The Hindu temple housed in Cave 15 has an open court with a free-standing monolithic mandapa at the middle and a two-storeyed excavated temple at the rear. Large sculptural panels between the wall columns on the upper floor illustrate a wide range of themes, which include the ten avatars of Vishnu. An inscription of Dantidurga, important to establishing the chronology of the temple, is on the back wall of the front mandapa. According to Coomaraswamy, the finest relief of this cave is the one depicting the death of Hiranyakashipu, where Vishnu in man-lion (Narasimha) form, emerges from a pillar to lay a fatal hand upon the shoulder of Hiranyakashipu. Other reliefs in Cave 15 include the Gangadhara, marriage of Shiva and Parvati, Tripurantika of Shaktism tradition, Markendeya, Garuda, aspects of life, Nandi in mandapa, dancing Shiva, Andhakasura, Govardhanadhari, Gajendravarada and others. The panels are arranged in dyads, which states Carmel Berkson, reinforce each other by displaying "cooperative but also antagonistic energy" with a mutuality of power transference.
Other Hindu caves
Other notable Hindu caves are the Ravan ki Khai (Cave 14) and the Nilkantha (Cave 22) also have several sculptures. Cave 25 features Surya carved in its ceiling.
The Jain monuments: Caves 30-34
The five Jain caves at Ellora are located on the north end of Ellora caves complex. They were mostly excavated in the ninth and early tenth centuries, and belong to the Digambara sect. The Jain caves are not as large as the Buddhist and Hindu caves at Ellora, but they present exceptionally detailed art works. They were co-built with the later era Hindu caves at Ellora, and both share architectural and devotional ideas such as pillared veranda, symmetric mandapa and puja (worship). However, unlike the Hindu temples at Ellora, the emphasis in the Jain caves is the depiction of twenty four Jinas (spiritual conquerors who have gained liberation from the endless cycle of rebirths). Along with these Jinas, the Jain temples present a galaxy of gods and goddesses along with yaksa (male nature deity), yaksi (female nature deity) and human devotees prevalent in Jaina mythology of 1st millennium CE.
According to Jose Pereira, the five Jain Ellora Caves were actually 33 chronologically distinct excavations, which he has labelled as J1 to J33. Pareira uses epigraphy, palaeography, typology, style, mechanics and historical background in texts to conclude that the Jain caves at Ellora likely began in late 8th-century. Some construction and excavation activity in the Jain caves continued past the 10th century, states Owen, until the 13th century before coming to a halt with the arrival of Islamic Sultanate wars in the region. This is evidenced by votive inscriptions dated to 1235 CE, where the donor states to have "converted Charanadri into a holy tirtha" for Jains by gifting the excavation of lordly Jinas.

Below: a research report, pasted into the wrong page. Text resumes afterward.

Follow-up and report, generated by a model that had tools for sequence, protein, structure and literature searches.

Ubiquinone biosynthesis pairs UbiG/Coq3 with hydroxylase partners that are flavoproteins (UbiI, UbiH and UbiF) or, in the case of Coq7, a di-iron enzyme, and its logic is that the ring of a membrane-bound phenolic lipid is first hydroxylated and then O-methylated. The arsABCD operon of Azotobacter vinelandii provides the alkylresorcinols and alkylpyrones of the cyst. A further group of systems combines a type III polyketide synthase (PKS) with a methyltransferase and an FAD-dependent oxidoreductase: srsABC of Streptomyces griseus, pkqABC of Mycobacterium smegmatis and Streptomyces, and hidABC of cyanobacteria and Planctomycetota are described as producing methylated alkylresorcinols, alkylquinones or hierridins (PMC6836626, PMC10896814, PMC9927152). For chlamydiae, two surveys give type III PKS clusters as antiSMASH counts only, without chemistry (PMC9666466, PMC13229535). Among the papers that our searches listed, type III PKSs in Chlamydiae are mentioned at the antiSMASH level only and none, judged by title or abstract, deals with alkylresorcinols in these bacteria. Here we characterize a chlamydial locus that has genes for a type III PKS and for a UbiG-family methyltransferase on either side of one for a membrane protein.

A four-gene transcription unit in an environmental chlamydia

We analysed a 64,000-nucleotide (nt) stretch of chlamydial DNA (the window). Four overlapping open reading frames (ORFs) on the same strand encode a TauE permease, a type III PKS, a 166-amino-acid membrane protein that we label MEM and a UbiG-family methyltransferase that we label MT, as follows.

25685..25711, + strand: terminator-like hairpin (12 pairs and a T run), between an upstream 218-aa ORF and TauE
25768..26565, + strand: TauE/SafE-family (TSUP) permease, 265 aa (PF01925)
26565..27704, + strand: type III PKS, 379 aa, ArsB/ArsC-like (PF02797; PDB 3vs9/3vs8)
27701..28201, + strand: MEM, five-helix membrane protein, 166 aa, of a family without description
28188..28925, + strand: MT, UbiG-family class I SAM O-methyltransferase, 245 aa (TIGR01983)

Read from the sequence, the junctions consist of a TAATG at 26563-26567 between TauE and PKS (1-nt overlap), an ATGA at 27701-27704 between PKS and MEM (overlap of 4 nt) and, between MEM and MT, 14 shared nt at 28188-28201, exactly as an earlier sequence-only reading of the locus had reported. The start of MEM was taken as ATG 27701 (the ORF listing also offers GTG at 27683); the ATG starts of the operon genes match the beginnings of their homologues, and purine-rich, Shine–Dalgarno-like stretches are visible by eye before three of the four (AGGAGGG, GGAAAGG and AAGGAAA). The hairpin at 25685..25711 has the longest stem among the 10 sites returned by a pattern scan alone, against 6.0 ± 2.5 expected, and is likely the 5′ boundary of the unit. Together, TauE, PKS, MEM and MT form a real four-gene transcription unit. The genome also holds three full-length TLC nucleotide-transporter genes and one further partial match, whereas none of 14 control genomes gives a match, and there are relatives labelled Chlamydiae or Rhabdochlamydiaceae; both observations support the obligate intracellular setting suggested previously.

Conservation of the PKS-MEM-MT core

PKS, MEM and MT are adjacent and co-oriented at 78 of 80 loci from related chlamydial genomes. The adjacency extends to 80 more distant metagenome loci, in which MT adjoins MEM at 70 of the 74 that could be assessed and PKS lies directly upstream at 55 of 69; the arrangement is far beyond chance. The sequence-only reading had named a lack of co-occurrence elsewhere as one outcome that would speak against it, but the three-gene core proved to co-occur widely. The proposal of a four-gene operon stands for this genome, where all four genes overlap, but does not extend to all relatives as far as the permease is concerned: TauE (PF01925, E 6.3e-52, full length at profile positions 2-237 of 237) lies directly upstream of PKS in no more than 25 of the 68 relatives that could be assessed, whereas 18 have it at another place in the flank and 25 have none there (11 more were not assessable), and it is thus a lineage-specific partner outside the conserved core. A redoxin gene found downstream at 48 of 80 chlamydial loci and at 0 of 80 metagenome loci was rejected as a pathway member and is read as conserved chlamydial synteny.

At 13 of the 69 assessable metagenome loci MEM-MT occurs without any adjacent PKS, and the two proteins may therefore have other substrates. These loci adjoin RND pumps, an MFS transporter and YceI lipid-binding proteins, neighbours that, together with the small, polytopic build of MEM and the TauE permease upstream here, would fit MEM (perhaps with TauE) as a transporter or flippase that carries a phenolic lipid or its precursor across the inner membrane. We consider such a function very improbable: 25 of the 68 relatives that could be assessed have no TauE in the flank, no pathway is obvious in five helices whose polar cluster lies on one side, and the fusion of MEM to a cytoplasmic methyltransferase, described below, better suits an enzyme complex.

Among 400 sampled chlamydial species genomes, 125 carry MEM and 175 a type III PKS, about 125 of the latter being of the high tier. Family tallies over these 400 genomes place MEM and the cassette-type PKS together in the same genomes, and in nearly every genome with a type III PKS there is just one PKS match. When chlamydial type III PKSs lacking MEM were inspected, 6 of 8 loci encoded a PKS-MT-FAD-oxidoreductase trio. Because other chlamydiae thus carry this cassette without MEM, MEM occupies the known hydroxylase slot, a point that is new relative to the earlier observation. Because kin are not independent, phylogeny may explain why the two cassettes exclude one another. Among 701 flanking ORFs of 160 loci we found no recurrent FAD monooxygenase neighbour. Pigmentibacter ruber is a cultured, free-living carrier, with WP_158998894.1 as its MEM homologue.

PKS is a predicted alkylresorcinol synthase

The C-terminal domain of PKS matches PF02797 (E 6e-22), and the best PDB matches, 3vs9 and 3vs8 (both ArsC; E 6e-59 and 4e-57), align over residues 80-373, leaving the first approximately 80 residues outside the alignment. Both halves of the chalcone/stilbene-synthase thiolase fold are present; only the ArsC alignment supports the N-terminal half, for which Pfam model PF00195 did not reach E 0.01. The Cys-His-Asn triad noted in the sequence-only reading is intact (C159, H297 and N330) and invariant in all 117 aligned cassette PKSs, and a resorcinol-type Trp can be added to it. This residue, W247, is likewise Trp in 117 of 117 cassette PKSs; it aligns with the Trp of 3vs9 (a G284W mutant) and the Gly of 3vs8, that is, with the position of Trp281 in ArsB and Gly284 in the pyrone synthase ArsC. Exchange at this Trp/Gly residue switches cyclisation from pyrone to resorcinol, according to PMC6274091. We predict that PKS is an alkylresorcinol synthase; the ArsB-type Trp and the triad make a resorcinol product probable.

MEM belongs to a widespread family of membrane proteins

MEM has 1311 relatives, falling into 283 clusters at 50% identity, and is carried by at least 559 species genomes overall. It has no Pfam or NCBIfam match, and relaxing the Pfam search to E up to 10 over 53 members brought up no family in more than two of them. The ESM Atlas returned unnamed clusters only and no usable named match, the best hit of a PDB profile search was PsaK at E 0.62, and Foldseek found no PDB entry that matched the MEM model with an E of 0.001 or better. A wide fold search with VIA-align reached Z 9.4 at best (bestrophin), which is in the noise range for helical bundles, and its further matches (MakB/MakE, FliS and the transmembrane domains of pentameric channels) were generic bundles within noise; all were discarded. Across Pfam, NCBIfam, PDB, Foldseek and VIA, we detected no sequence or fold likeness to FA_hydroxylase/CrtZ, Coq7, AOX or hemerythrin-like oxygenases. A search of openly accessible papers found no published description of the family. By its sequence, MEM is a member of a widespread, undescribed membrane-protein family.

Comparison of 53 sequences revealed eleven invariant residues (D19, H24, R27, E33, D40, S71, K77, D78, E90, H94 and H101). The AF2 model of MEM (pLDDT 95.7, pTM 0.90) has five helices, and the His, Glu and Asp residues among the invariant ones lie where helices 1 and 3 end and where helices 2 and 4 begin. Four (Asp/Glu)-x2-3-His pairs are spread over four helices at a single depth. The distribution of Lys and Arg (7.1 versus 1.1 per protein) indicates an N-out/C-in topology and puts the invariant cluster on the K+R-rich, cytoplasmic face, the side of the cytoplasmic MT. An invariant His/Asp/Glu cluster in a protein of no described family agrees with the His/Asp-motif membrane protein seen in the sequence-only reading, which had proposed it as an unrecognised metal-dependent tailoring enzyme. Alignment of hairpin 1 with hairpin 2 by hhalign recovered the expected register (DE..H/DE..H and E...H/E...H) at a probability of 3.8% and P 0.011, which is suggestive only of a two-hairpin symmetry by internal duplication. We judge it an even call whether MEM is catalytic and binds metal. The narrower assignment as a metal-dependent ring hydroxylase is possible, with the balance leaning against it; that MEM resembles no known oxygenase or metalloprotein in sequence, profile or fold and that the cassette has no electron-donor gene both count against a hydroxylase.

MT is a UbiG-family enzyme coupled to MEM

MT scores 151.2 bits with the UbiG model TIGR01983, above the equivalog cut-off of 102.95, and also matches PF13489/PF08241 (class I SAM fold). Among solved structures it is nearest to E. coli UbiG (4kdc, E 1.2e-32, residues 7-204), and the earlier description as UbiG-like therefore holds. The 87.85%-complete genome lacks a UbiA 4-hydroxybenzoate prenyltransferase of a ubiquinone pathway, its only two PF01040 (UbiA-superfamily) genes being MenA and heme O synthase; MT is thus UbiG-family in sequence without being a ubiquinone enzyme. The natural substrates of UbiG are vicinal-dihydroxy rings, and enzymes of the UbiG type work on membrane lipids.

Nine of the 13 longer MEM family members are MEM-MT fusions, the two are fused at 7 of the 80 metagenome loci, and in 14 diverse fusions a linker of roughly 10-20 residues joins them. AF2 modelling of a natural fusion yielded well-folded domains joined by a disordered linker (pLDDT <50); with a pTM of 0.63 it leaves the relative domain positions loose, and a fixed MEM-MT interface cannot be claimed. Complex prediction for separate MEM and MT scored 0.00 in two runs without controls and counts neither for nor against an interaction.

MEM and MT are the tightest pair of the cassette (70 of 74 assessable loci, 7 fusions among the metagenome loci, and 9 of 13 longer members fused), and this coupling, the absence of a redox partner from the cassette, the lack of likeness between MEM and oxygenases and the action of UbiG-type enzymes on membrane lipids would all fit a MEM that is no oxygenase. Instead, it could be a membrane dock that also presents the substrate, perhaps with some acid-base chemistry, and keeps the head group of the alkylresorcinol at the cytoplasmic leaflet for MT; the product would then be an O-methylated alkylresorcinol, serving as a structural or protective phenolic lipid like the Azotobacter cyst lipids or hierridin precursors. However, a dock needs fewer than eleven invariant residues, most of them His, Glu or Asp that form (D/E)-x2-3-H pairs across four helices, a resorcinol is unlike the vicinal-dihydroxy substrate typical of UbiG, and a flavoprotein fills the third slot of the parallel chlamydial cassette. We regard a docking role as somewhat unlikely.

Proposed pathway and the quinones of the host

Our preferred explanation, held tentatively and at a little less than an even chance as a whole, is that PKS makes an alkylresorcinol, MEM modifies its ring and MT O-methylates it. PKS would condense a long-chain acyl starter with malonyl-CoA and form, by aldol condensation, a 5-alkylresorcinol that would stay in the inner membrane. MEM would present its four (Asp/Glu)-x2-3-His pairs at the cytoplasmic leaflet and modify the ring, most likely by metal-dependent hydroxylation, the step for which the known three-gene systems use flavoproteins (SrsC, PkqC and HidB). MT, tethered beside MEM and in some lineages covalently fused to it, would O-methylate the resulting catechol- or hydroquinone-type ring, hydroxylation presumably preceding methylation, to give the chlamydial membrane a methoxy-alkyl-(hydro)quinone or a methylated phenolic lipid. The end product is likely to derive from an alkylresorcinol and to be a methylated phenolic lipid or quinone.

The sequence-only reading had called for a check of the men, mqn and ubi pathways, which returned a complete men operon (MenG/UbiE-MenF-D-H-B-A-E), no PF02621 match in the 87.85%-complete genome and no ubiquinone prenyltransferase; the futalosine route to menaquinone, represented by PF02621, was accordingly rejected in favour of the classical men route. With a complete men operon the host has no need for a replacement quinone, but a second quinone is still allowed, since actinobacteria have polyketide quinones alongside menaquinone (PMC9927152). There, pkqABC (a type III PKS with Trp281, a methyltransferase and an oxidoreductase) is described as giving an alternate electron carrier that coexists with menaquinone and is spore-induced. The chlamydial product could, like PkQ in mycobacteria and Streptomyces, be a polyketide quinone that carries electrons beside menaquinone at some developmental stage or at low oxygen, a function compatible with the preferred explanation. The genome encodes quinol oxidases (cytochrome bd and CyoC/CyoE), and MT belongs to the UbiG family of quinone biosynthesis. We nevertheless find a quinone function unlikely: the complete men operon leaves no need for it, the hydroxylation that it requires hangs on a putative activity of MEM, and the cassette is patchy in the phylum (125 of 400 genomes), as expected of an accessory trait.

The most remarkable Jain shrines are the Chhota Kailash (cave 30, 14 excavations), the Indra Sabha (cave 32, 13 excavations) and the Jagannath Sabha (cave 33, 4 excavations). Cave 31 is an unfinished four-pillared hall and a shrine. Cave 34 is a small cave, which can be approached through an opening on the left side of Cave 33.
Amongst its devotional carvings, the Jain Ellora caves offer some of the earliest Samavasarana images. Samavasarana is of special interest to Jains, as it is a hall where the Tirthankara preaches after attaining Kevala Jnana (liberating omniscience). Of interest is the pairing of Jinas, particularly of Jina Parsvanatha and Kevalin Bahubali which appear 19 times in the Ellora caves of Jainism. Other artwork of significance in the Jain caves include those of deities Sarasvati, Sri, Saudharmendra, Sarvanubhuti, Gomukha, Ambika, Cakresvari, Padmavati, Ksetrapala and Hanuman.
The Indra Sabha: Cave 32
The Indra Sabha (Cave 32) is a two storeyed cave with a monolithic shrine in its court. This cave was excavated in the 9th century. In the 19th-century, colonial era historians confused all the Jain Yaksas to be alternate images of Indra found in Buddhist and Hindu artworks, giving this temple the name "Indra Sabha", a misnamed appellation that has since then become its standard name. The temple and other Jaina caves, however, do feature an Indra like Buddhist and Hindu caves do, as he is one of the 64 deities who live in the heavenly world in Jain cosmology, with Indra being the king of the first Jain heaven called the Saudharmakalpa and the chief architect of the celestial assembly hall in Jain texts such as the Adipurana.